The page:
Development, Sex Work and Sexual Exploitation

Until a couple of years ago, I’ve had a very narrow view of how sex is sold. When I was fourteen, I read a book called Sold, by Patricia McCormick and I’ve been fascinated with the industry and all of its complexities and implications since. In the last year I’ve been working to localize my attention on sex work to the Main South neighborhood in Worcester, MA. Right now I’m an intern at a local women’s shelter called Abby’s House Worcester, and I’m looking at the connections between sexual exploitation and homelessness. Before further introducing the direction I want this blog to go in, I think it’s really important to give some working definitions that can help to break down the differences between the many different kinds of sex work. These are only the words that I’ve been told are the most respectful and accurate by advocates and sexually exploited women in Worcester, but I’m also aware that these are probably not the words that a lot of people find most comfortable.

Sex work– Describes a wide range of selling sex and sexuality, including pornography, prostitution, in some cases stripping etc. The term “sex work” usually implies choice and autonomy.

Prostitution– The industry and the act of selling sex. It’s important to note that prostitution is a term that many people who sell sex don’t identify with, and there are varying forms of selling sex- the ‘streetwalking’ archetype is not the only way that sexual acts are sold. Online communities of selling sex, ‘call girls’, people who exchange sex for material goods or only sell sex to certain people etc. all fall under my working definition of the term prostitution. Another important clarification is the difference between the terms ‘prostitution’, which describes the act and industry, and ‘prostitute’, which is increasingly being seen as a degrading term.

Prostituted people/sexually exploited people– Someone who is selling sex, but not by their own choice and are usually not easily able to get out of the life. There’s been a shift from using the term “prostitute”, which many see as degrading, to “prostituted person”, or “prostituted woman”.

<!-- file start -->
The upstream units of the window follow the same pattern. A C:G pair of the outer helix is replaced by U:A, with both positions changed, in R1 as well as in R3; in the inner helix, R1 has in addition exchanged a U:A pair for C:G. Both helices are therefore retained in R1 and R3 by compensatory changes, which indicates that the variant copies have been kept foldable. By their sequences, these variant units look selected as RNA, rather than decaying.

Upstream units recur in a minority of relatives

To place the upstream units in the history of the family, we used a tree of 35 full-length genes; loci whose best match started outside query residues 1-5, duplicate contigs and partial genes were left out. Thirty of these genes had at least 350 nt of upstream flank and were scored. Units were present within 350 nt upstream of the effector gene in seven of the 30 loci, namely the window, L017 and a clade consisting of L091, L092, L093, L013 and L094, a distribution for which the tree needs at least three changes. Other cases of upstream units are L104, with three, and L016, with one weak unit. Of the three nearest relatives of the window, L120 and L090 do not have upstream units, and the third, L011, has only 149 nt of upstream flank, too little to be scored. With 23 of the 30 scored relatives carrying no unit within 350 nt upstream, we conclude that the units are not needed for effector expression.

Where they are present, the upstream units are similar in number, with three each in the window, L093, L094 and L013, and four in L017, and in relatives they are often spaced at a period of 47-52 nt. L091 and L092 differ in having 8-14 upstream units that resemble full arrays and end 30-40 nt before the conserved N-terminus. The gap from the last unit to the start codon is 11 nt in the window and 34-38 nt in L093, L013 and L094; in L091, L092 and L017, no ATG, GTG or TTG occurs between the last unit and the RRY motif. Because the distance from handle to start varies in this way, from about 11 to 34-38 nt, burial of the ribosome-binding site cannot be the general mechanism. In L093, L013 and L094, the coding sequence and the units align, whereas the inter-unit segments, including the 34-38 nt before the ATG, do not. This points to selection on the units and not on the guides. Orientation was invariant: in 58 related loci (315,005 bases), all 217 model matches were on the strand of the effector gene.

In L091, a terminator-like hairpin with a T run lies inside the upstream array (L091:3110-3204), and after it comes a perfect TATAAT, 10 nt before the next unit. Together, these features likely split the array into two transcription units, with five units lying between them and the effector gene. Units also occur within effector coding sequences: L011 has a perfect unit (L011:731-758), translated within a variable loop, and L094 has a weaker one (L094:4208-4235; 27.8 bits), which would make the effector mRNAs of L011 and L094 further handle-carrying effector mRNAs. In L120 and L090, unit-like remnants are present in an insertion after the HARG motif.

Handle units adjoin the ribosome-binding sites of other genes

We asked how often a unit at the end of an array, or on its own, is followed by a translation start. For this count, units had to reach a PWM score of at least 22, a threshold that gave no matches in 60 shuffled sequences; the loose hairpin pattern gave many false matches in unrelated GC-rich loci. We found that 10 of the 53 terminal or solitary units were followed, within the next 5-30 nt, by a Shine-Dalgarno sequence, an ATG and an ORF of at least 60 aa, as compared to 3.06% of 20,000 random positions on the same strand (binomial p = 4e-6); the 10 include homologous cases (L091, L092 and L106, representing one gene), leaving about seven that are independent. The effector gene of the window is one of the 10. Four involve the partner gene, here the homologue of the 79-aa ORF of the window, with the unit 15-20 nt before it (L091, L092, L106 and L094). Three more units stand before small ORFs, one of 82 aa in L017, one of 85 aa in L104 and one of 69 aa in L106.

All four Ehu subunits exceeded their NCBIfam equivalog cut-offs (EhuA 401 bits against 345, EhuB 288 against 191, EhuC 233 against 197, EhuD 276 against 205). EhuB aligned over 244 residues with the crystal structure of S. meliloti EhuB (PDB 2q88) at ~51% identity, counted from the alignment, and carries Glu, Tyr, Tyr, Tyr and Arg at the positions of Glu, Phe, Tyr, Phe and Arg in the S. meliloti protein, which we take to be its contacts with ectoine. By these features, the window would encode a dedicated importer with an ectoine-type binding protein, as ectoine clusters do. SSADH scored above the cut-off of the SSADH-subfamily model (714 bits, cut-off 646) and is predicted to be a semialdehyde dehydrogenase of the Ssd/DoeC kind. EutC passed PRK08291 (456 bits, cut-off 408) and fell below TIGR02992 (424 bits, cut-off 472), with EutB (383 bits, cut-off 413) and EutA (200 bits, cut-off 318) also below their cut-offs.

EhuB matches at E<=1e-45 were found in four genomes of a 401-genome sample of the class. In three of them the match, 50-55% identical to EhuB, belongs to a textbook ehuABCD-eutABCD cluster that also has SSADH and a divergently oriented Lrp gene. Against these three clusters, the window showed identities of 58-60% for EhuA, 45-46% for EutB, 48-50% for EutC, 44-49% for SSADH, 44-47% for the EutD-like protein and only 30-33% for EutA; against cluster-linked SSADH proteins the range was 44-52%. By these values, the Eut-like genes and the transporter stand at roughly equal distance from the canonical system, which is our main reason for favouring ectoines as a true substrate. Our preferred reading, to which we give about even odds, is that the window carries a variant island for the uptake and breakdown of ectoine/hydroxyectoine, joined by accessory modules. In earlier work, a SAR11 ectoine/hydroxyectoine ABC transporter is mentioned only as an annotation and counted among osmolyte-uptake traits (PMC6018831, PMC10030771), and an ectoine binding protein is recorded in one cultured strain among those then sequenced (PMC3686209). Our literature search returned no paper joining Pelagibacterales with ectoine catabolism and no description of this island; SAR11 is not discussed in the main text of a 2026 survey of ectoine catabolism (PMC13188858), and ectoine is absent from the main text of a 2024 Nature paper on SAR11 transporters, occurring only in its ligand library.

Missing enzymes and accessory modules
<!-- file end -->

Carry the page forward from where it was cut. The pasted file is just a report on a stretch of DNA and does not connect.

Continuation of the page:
The life– From what I can tell, using “the life” to describe involvement and the experiences of selling sex is a localized Worcester term.

Human trafficking– The illegal buying and selling of persons. It’s often associated with sexual slavery, but extends to many more forms of coercion and industries.

Pimps– Someone who controls sex workers and profits off of them, often both physically and emotionally.

Johns– Someone (usually a man) who buys sex.

Sting– A police sweep of a known area where sex is being sold that almost always targets arresting sex workers.

Learning more about the current situation of Worcester’s sexual exploitation has been really interesting- from what I’ve seen so far it’s very unique from other typical models of prostitution. Over the next four blog posts, I’m going begin by  looking at the industry of sex work more globally and then move locally to the Main South neighborhood of Worcester.

I want to compare case studies of sex work with sexual exploitation, and look at the demographic makeup of both groups. There have been recent movements among sex workers in Latin America to unionize and legitimize sex work, and I want to look at the complexities of those initiatives and the possibility of their applicability in other contexts. Within Latin America, I also want to look at the impact that human trafficking has on sex work.

International aid often comes with conditions, and there’s frequently a clear quid pro quo between cracking down sex work and receiving international aid. To give a bigger picture of the global discourse around selling sex, I’m going to be using some UN reports, and analyses of international policies. I also think it would be interesting to look into the societal relationships within countries that have legalized prostitution.


Most of the articles that I’ve been looking through on larger news sites write about sex work as a degradation of society, which is unfortunately a common perception of sex work and sex workers. There’s also a common erasure of sex workers who aren’t women, which I’m interested to look more into. I’m going to be using writings from news organizations such as Latinamerican Press, BBC, and some articles from my Sex and Development class. My following posts will hopefully help readers to get a better picture of sex work both globally, as well as in the neighborhood surround Clark University’s campus.